High-side current sensing is used in a wide range of applications such as battery chargers or overcurrent protection. Figure 1-1 displays a typical high-side current sensing schematic. The shunt resistor, Rshunt, is placed between the bus voltage and the system load. This creates a differential voltage depending on the load current, which is then amplified to create a single-ended output voltage.
High-side current sensing offers several advantages when compared to low-side current sensing. The first advantage is that high-side current sensing does not create ground disturbances. Ground disturbances are problematic when other circuits in a system are required to interface with the load. Placing the shunt resistor above the load, as in high-side current sensing, eliminates ground disturbances because the shunt resistor is no longer connected directly to ground. Figure 1-2 illustrates the differences in ground potentials between low-side current sensing and high-side current sensing. Notice the voltage potential difference, Vground, between the grounds of the system load and MCU in low-side current sensing, whereas in high-side current sensing, the ground potentials are equal.
A second advantage of high-side current sensing is that it can detect a load short to ground condition. Figure 1-3 displays a load short to ground condition for low-side and high-side current sensing. The red line in the figure indicates the load short to ground current path. Notice that with high-side current sensing, the shunt resistor remains in the circuit and is able to detect a surge in current from a short to ground condition whereas in low-side current sensing, the shunt resistor is removed from the circuit.
The common mode voltage of the operational amplifier (op amp) must be considered when designing a high-side current sensing circuit. The common mode voltage is set by the bus voltage and the resistor divider formed by resistor R1 and R2, in Figure 1-1, and is calculated using Equation 1.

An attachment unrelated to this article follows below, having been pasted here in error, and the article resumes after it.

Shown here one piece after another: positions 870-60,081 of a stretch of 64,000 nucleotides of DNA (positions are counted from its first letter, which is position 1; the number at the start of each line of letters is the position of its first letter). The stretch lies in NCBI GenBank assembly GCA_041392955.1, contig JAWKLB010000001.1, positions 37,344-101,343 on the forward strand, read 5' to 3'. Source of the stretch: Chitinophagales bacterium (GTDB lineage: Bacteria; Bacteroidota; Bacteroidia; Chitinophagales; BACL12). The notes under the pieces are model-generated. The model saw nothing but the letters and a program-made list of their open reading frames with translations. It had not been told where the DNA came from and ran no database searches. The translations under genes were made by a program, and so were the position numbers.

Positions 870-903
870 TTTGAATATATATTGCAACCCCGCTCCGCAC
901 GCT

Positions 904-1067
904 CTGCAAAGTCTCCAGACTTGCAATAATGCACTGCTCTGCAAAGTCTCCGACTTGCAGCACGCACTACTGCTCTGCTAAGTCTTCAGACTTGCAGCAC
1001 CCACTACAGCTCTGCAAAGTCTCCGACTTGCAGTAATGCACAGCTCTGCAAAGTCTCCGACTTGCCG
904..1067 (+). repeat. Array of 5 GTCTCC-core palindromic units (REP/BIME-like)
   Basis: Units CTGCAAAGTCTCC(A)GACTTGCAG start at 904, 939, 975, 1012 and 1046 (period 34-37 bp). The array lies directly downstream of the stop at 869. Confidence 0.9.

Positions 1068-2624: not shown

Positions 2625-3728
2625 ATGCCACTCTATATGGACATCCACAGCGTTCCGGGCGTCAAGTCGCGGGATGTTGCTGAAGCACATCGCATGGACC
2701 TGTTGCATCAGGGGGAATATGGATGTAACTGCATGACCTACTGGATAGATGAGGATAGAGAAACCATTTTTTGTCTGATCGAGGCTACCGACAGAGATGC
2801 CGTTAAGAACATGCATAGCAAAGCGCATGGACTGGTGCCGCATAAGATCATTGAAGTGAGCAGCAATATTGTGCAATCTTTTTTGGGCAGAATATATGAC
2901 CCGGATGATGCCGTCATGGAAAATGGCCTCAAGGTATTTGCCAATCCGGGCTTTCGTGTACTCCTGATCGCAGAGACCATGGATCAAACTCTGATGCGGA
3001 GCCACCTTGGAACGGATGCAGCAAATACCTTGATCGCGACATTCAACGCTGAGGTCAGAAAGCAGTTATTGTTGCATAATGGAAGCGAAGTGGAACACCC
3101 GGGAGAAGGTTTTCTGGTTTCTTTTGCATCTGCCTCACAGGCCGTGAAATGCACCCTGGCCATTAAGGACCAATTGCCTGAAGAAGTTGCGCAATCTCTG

In high gain applications, such as 100 V/V, the common mode voltage of the op amp must extend to the positive supply of the amplifier. This is because resistor R1 is much greater than R2, making the common mode voltage approximately equal to the bus voltage.
In low gain configurations, such as 10 V/V, the common mode voltage range requirements of the amplifier may not need to extend to the positive supply. In a lower gain configuration, resistors R1 and R2 divide down the bus voltage, which reducing the need for the input common mode voltage to extend all the way to the positive supply. However, using a lower signal gain can require a larger shunt resistor to increase the measured differential voltage, which increases the power dissipation by the shunt resistor.
To ensure accuracy, it is important that R1 and R4 match closely with each other, as well as R2 to R3. Any mismatch can result in gain and CMRR errors. It is recommended to minimize these errors by using precision 0.1% matched resistors for the external circuit.
The input offset voltage also must be considered when determining the solution's accuracy. The input offset voltage is inherent to the op-amp and changes the expected output voltage as shown in Equation 2.
This error can be significant if the offset voltage is near the same value as the voltage across the shunt resistor, Vshunt. Op amps with intrinsically low offset voltages are recommended to minimize the error of the system.
Table 1-1 shows device recommendations with key specifications for high-side current sensing included.
The benefits of high-side current sensing include reducing ground disturbances in a system and detecting fault conditions such as a load short to ground condition. Reducing ground disturbances allows other circuits in a design to interface with each other and ensure proper system functionality. The detection of fault conditions, such as load short to ground, prevents damage or failures of a system. In high-side current sensing, the common mode voltage is dependent on the gain of the circuit and must be considered to ensure proper operation of the circuit.
|GPN||Offset Voltage (typ)||Common Mode Voltage Range||Bandwidth
|OPA2992||210 µV||Rail-to-rail||10.6 MHz||40 V||0.25 µV/°C|
|OPA2991||125 µV||Rail-to-rail||4.5 MHz||40 V||0.3 µV/°C|
|OPA2990||300 µV||Rail-to-rail||1.1 MHz||40 V||0.6 µV/°C|
|OPA2192||5 µV||Rail-to-rail||10 MHz||36 V||0.2 µV/°C|
|OPA2191||5 µV||Rail-to-rail||2.5 MHz||36 V||0.1 µV/°C|
|LM7332||1.6 mV||Rail-to-rail||21 MHz||32 V||2 µV°C|
|App Report||High-Side Current-Sensing Circuit Design Application Report|
|E-Book||Simplifying Current Sensing|
|Additional Resources||High-side current sensing with discrete difference amplifier circuit|